Asked how he felt about the use of technology in music, he said, “Personally, I like the sound of music that is using technology. I have not explored it much but it’s something I’m interested in.” Mittal uses some simple technology in his album “Videsh” to capture a foreigner’s experience of India. Amidst the hard driving compositions and improvisations Mittal weaves sound samples of Kolkata’s markets, streets, and conversations. 

He recently performed with Kendraka during the Smart Art Adda SMART initiative by Rooh Media Pvt Ltd. Asked about this experience, Mittal said, “It was amazing. They are incredible improvisers. They really play their instruments and compositions well. When I’m playing with them I feel like they are really listening to me and interacting.”

His advice to aspiring musicians? “My advice would be to start with listening. I really enjoy history and believe we need to listen to the history of the instruments being played. If you’re interested in jazz listen to the modern players and also go back and listen to the history of the music. Try to explore what other people are doing on your instrument. It is also important to stay curious and practice. Not just individual practice but working with other people. So listen and   collaborate,”


To her, India is a land of the 'Blue'

                                                                                                                                              Saori Kanda

Before she came to India, India used to appear to her as a place swathed in purple. After she arrived here, she started India in blue. As Saori Kanda, a painter from Japan, says “I realized blue is the colour of peace. And India to me stands for peace.”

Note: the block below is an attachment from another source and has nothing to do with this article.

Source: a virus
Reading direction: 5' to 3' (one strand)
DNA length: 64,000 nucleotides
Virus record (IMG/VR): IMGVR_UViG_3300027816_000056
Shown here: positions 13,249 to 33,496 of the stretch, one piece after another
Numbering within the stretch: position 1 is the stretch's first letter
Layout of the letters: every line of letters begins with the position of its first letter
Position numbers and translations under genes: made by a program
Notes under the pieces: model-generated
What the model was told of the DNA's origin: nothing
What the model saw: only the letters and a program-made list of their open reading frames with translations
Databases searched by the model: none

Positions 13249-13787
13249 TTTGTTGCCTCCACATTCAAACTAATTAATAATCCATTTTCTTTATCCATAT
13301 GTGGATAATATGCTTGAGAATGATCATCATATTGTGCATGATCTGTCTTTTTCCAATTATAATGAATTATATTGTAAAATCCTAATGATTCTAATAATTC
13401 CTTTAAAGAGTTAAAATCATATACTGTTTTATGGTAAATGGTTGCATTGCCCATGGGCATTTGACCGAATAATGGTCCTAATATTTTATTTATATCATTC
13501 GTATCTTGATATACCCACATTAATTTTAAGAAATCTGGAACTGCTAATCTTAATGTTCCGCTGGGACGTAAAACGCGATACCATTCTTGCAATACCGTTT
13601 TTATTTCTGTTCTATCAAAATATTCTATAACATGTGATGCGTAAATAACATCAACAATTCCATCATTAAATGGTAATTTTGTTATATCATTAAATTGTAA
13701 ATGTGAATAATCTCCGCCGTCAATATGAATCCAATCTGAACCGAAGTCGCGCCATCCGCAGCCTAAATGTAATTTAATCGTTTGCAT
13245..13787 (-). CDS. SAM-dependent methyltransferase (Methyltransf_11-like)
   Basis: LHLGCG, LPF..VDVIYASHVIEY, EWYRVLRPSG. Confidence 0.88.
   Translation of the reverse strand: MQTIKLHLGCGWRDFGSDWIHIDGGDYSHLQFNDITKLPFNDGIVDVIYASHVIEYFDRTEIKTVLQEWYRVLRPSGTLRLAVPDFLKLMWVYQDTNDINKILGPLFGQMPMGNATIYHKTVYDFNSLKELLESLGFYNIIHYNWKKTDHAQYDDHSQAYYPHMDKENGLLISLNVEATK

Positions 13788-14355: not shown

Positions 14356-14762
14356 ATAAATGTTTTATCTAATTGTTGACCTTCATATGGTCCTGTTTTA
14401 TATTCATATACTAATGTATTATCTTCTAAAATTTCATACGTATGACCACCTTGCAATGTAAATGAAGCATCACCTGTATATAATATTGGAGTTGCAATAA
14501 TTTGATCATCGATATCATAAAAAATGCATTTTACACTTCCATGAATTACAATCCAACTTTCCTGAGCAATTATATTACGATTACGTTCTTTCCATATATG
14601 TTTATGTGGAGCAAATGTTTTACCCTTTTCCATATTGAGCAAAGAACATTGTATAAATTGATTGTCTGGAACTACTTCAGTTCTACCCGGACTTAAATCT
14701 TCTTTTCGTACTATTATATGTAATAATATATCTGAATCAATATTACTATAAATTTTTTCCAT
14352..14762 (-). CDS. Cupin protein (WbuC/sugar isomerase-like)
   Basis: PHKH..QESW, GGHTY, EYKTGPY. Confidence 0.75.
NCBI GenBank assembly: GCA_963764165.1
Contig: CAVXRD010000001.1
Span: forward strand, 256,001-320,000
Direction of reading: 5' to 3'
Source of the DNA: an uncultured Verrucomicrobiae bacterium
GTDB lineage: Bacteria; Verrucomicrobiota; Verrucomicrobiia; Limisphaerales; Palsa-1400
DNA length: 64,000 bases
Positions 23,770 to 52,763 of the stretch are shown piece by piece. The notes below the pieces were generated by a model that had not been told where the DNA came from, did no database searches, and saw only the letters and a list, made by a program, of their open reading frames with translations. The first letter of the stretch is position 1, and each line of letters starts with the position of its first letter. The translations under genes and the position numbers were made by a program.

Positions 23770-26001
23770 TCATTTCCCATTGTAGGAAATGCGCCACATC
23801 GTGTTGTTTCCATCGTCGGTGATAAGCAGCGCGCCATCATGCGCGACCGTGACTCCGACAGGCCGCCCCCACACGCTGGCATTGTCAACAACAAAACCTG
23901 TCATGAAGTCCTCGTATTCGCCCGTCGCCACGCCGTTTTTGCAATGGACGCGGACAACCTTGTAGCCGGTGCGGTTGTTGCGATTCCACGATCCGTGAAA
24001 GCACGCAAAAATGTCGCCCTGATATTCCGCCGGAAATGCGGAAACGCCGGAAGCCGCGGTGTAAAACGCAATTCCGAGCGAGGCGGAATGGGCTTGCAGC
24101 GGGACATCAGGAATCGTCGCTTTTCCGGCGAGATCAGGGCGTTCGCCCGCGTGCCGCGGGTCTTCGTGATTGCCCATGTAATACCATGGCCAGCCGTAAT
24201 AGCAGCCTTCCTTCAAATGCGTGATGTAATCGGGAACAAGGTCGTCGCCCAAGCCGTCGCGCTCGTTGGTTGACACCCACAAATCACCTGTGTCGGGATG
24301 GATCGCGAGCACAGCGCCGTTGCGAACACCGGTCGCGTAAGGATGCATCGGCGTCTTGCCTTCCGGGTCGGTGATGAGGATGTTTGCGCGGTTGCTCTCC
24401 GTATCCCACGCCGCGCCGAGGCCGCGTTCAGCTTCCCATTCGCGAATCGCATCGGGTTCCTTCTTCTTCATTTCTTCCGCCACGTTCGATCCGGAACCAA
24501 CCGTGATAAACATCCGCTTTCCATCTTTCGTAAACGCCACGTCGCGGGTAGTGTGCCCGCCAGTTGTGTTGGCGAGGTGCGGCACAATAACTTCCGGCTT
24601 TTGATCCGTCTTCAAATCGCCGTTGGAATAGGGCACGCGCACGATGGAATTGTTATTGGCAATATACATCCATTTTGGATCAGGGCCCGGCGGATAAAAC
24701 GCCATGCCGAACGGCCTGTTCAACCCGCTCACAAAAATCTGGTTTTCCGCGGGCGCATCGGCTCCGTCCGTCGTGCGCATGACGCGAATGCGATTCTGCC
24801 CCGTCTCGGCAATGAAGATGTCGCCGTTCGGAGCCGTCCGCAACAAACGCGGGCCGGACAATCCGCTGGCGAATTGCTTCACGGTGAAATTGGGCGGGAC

Recently she created a riot with colours with her “music inspired painting” on a larger-than-life canvas with a Japanese folk fusion band named Kariyushi and, Miya fluitist. The place was Karigar Haat 2013, the International Art and Cultural Folk Festival orga- nized by AIM. Saori goes on, “I don’t have a preplanned idea while I paint. I try to get the vibrations and energy of the musicians playing and the mood of the audiences. For example the Koriyushi band was playing a song about mother and child.  It wasn’t about India nor Japan, It was about an universal thing. So I listened to the song, ideas came from the bottom of my heart and it exploded. Live painting is where all my passion is released. I exchange and share energy and emotions with people around me.” 

The Kariyushi band plays mostly traditional music from Yoron and Okinawa islands. With Tetsuhiko Tabata on vocals and sanshin and Miyako Maki, the band is now in its 16th year. It mostly plays folk songs of the region. The band players feel the songs talks about the true voice in our hearts. Though the young generation is getting drifted to modern western songs, the band tries to bring in modern elements into these songs so that these folk songs also become popular among the youth. Saori signs off saying, “We experience negative emotions, like anger, depression as well as cosmic emotions, the colour of love inside our self. We should let the positive thing blossom, like a white flower inside our heart,. When I paint, I try to spread that postivity to everyone around me. We must keep the white flower inside us continue to blossom all the  time.”